Global perspectives: Investment implications of Putin’s invasion
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A spirited and valiant defence spanning the military, political and media spheres has so far both held up the advance of Putin’s forces in Ukraine and created a strong international response deploring the invasion. As a result, the Russian ruble has fallen by 25% and international investors have had to quickly distance themselves from Russian investments; notably, BP has stated that it will divest its 19% stake in Russia’s Rosneft. The situation on the ground in Ukraine will depend on Putin’s military choices, but from an international perspective the world has changed. We believe investors should assume the severe sanctions regime currently in place is likely to persist for an extended period. Direct investments in Russian equities will be off-limits for many investors as even if not specifically prohibited, the potential risk of sanction for any Russian investment will be high.
Putin’s miscalculation on the strength of Ukrainian opposition to his invading forces has eliminated any chance of what we believe was his original goal of a quick strike for regime change in Kyiv, presenting a tempting ‘fait accompli’ to Western nations with little appetite to engage with Russia in Eastern Europe. This would have allowed him to maintain the status quo with a co-dependent Europe reliant on Russian energy supplies, while enabling further advances in political objectives over time.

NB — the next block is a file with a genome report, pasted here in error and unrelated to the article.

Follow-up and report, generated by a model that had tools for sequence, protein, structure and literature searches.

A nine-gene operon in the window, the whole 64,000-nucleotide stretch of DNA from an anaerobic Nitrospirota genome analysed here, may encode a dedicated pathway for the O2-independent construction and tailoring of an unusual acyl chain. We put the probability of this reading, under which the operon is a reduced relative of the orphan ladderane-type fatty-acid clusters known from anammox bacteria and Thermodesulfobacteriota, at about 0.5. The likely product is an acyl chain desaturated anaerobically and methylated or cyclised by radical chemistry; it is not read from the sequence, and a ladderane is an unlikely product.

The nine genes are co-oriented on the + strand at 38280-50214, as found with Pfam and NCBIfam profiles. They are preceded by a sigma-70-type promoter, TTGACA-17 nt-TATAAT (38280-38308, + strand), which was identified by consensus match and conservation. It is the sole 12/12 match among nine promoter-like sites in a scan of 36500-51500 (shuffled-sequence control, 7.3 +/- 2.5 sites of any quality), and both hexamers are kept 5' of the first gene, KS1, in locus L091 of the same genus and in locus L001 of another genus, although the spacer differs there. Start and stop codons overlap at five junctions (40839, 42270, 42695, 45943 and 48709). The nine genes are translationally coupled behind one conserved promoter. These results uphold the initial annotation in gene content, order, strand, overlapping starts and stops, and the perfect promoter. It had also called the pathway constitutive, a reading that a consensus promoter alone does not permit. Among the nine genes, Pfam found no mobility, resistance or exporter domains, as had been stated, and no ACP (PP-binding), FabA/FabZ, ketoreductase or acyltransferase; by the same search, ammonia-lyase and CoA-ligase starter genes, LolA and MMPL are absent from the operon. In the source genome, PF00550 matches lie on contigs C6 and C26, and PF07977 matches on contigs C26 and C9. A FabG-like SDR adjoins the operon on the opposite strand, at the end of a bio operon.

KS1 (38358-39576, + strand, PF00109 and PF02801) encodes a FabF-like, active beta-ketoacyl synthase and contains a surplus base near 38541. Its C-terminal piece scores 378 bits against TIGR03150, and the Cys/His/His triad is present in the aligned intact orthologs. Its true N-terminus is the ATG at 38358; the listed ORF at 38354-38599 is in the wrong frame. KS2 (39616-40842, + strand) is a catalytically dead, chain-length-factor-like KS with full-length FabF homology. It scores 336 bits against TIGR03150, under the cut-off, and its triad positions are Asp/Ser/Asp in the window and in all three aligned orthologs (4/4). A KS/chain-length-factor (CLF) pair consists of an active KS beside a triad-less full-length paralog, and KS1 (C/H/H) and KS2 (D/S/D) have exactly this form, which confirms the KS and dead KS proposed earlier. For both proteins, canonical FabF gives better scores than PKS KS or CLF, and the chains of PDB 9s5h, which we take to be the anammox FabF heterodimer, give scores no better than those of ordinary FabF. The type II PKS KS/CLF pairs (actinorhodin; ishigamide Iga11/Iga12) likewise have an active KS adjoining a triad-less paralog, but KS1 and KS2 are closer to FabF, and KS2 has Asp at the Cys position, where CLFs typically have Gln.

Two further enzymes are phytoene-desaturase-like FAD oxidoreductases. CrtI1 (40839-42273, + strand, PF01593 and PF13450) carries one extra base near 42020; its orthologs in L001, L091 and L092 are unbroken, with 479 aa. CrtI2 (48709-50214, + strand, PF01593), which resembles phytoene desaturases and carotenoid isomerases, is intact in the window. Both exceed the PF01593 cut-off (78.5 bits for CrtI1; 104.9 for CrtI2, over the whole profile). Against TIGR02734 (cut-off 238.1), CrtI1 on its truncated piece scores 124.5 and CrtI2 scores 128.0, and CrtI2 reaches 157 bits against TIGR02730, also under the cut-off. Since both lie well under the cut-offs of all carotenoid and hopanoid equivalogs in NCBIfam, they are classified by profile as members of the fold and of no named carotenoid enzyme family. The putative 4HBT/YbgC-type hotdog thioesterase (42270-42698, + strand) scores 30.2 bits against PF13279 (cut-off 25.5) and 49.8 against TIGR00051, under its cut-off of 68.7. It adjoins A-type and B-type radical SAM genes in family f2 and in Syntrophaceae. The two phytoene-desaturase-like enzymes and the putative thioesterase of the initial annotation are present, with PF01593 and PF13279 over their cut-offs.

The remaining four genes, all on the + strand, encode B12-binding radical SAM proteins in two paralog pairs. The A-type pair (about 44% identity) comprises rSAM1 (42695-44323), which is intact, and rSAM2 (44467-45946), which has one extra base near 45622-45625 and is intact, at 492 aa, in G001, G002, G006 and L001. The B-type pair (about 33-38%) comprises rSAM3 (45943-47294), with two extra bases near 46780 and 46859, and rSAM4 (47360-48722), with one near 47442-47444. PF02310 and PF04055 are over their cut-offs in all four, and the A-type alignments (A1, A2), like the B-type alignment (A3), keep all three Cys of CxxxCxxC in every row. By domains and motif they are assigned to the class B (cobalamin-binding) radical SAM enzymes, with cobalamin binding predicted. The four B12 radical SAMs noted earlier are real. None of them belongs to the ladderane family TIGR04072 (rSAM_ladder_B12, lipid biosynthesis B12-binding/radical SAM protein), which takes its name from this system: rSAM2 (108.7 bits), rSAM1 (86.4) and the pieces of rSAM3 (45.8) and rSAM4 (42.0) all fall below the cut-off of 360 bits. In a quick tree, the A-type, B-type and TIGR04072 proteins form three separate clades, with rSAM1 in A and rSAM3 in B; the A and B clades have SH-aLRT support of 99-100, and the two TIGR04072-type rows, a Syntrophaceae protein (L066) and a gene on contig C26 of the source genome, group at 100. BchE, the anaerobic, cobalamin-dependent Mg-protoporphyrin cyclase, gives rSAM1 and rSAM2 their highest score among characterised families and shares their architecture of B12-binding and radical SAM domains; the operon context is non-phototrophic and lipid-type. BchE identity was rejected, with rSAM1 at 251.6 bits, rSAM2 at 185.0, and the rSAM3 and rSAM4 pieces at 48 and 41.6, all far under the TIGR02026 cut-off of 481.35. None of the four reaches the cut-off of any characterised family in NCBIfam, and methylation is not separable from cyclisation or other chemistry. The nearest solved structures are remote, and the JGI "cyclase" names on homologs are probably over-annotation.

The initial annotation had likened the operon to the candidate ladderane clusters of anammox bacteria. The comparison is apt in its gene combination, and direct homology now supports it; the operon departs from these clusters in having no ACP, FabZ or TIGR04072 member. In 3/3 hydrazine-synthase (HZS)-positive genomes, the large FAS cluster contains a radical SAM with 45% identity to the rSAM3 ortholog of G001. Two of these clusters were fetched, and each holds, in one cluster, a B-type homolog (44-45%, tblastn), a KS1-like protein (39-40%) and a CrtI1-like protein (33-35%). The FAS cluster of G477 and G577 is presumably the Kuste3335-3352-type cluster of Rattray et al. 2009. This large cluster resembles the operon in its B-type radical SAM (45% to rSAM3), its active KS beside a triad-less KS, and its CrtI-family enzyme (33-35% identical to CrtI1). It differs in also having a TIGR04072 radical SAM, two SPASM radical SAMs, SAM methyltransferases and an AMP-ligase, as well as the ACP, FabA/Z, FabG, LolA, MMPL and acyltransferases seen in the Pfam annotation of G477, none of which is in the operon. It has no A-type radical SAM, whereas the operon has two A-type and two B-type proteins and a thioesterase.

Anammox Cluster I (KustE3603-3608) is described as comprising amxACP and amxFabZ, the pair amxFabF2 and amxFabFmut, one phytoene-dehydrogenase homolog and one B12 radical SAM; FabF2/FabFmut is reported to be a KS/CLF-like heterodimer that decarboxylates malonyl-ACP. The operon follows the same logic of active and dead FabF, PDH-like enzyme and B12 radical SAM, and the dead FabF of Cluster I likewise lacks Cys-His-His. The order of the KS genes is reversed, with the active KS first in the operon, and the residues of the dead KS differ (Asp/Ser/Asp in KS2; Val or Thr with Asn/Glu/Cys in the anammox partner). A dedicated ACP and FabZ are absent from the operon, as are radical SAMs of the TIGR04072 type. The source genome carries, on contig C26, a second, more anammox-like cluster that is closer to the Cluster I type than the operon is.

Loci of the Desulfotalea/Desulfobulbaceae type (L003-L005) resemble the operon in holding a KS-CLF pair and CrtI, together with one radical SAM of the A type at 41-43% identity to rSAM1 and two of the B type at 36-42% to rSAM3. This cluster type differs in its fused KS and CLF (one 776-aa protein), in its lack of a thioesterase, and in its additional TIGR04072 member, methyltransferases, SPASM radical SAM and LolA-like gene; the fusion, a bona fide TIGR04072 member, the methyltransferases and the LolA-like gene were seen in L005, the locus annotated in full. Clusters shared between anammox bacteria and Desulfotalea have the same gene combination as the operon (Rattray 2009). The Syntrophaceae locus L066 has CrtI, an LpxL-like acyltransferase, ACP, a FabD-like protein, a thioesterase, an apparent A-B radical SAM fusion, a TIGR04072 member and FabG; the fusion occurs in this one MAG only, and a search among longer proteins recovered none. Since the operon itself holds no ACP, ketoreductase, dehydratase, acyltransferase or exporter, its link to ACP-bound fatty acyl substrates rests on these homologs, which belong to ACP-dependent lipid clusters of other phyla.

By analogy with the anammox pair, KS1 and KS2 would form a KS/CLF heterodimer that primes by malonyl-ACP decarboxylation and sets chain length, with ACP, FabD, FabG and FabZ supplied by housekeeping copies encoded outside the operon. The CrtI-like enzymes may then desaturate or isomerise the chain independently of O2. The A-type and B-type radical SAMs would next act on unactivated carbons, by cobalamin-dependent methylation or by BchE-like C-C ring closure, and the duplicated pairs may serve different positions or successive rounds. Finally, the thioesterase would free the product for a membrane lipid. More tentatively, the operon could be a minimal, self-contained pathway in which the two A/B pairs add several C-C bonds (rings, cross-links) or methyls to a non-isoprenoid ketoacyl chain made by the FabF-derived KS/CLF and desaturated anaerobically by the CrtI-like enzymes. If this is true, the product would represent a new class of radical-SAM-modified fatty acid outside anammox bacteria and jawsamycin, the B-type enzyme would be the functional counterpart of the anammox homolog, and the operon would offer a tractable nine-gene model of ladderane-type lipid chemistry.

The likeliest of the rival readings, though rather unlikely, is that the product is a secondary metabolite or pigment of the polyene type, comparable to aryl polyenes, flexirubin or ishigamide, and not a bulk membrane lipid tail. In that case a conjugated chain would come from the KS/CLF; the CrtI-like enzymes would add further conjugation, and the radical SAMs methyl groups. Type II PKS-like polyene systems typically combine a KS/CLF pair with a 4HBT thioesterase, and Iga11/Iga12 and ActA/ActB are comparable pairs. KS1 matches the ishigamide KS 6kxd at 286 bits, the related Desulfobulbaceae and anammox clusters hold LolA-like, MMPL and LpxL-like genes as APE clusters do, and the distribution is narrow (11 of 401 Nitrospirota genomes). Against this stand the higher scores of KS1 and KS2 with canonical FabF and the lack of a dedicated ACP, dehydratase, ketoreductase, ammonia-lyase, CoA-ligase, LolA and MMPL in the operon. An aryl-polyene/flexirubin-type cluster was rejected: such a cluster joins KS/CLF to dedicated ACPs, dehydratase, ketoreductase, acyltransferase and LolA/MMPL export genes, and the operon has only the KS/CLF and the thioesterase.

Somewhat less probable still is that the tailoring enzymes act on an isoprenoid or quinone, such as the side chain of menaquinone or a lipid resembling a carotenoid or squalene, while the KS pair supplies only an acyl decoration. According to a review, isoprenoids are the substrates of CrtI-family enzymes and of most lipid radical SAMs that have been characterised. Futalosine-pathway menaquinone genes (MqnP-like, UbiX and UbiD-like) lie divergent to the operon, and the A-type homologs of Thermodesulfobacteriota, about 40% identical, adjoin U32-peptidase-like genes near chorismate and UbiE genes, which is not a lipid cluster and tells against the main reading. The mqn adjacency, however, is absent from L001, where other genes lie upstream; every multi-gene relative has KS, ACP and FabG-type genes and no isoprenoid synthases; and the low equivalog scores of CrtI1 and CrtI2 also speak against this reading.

As a result of the determined Ukrainian resistance, European nations, which had previously been quite obstructive in dealing firmly with Russia’s breaking of 21st century taboos of political influence campaigns in Western states and the annexation of Crimea, have now turned 180 degrees in terms of policy towards Russia, finally acknowledging the threat Russian expansionism represents.
European nations have now backed firm action in response to the invasion of Ukraine. Importantly, this includes Germany, which has finally backed SWIFT (the international banking messaging system) based sanctions, will be sending military equipment to Ukraine and has increased its spending on defence to more than 2% of GDP. Separately, and for the first time in its history, the EU will also send weapons to a country at war.
While the absence of widespread political opposition to Russia’s invasion of Ukraine in 2014 might one day be regarded as the policy failure that led directly to outright war in Europe in 2022, the introduction of these sanctions is unlikely to be of concern to Putin – or change the course of the battle for Kyiv in the short term.
Despite the remarkably effective repulsion of Putin’s tanks by both Ukrainian forces and the civilian population, Russia will have prepared carefully for the scenario of an economic siege and has ample foreign exchange reserves, assuming it has access to them. Also, there will no doubt be efforts within Russia to focus the impact of sanctions on the Russian population onto the need for a strong leader rather than a new one.
We believe investors should continue to act for the long term and avoid attempting to run portfolios from twitter or other social media sources where the risk of misinformation is high. Western governments have already given a clear steer to investors that this invasion of Ukraine is not another Crimea and will not be tolerated. The divestment of BP’s stake in Rosneft and the placing of Chelsea FC under Trustee administration signal that those operating at the highest political levels believe the conflict has created a permanent change in relations between Russia and the rest of the world.